Metal fasteners, such as screws, nuts, bolts, and clamps, are universal components of many machines and assemblies. Metal fasteners may also used to join materials such as wood, metal, plastic, or even fabrics together. Fasteners are made from steel, brass, aluminum, or other metals, depending on the design specifications of the application for which they are being used.
In critical applications such as aerospace manufacturing, fasteners made with the wrong alloy can result in costly or even catastrophic consequences, as evidenced in documented cases of counterfeit fasteners in industry. If fasteners used in critical applications such as in the manufacture of airplane parts are not made with the precise alloy required, they cannot support the weight and stresses they are designed to bear. Following several high profile counterfeiting cases in the 1980s regarding Army tanks, Navy ships, and interstate highway bridges, the National Institute of Standards and Technologies created the Fastener Quality Act (FQA) to ensure that industrial fasteners are manufactured according to specification.
Fortunately, inspection and verification of metal alloys used in fasteners can be quickly and easily accomplished using handheld x-ray fluorescence (XRF) analyzers. XRF is a nondestructive testing technique that can analyze a metal sample in seconds with little to no need for sample preparation. Handheld XRF analyzers are portable, require no vacuum, and can perform an analysis in seconds.
Advances in handheld XRF technology have expanded to the point that today’s analyzers are capable of distinguishing alloy grades that are nearly identical in composition to one another. For instance, the difference between 2014 and 2024 aluminum is primarily the magnesium content. 2014 has a minimum of .2% magnesium to a maximum of .8%. 2024 has a minimum of 1.2% magnesium up to 1.8%. Using the latest Silicon Drifter Detector (SDD) technology and optimized excitation of the sample, it is now possible to tell the difference — in real time, using portable XRF — between parts made from these two very similar alloys.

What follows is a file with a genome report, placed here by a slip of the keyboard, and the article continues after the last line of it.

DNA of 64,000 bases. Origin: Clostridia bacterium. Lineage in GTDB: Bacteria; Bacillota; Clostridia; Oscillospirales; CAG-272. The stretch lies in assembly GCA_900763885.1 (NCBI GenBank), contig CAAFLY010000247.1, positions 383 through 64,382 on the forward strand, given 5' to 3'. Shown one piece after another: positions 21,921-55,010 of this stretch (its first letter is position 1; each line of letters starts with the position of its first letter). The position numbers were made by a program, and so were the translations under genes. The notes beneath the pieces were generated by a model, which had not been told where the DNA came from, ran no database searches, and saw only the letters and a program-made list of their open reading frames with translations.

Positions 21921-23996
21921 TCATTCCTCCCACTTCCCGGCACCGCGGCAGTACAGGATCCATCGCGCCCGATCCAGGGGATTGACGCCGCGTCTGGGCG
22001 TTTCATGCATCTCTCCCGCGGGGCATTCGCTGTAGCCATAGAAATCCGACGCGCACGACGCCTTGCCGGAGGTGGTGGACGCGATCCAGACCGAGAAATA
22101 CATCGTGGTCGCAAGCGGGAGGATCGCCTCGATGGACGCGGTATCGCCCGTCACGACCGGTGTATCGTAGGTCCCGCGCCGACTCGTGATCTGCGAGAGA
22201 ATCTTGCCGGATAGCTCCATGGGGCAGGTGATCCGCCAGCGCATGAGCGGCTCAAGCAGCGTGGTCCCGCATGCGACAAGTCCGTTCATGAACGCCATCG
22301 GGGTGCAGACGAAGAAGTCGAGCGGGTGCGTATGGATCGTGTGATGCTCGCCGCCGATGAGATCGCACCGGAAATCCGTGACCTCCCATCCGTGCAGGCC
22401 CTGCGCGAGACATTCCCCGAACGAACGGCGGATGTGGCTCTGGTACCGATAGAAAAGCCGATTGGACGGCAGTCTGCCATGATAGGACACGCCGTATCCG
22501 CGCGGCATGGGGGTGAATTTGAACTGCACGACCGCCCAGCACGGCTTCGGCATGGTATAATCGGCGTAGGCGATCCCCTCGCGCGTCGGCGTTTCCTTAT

In the fasteners market, XRF is used for inspection of incoming raw material to ensure it matches the alloy grade and composition documented on the material test report prior to product manufacture. It is also used for final quality inspection before finished parts are sent to the customer. This “double-check” process helps ensure that the incoming raw materials and the outgoing finished parts meet the expected engineering requirements.
Portable XRF Analyzers are indispensible tools for performing Positive Material Identification (PMI) of incoming raw materials, work in progress, and final quality assurance of finished parts. Many fastener applications, such as those for aerospace, power generation, or military applications, are truly life and death situations. With all this in mind, PMI using portable XRF should be required as part of any final quality assurance program such as ISO 9001.
Read the more detailed Quality Assurance of Critical Fasteners application note, including information about Silicon Drift Detector technology.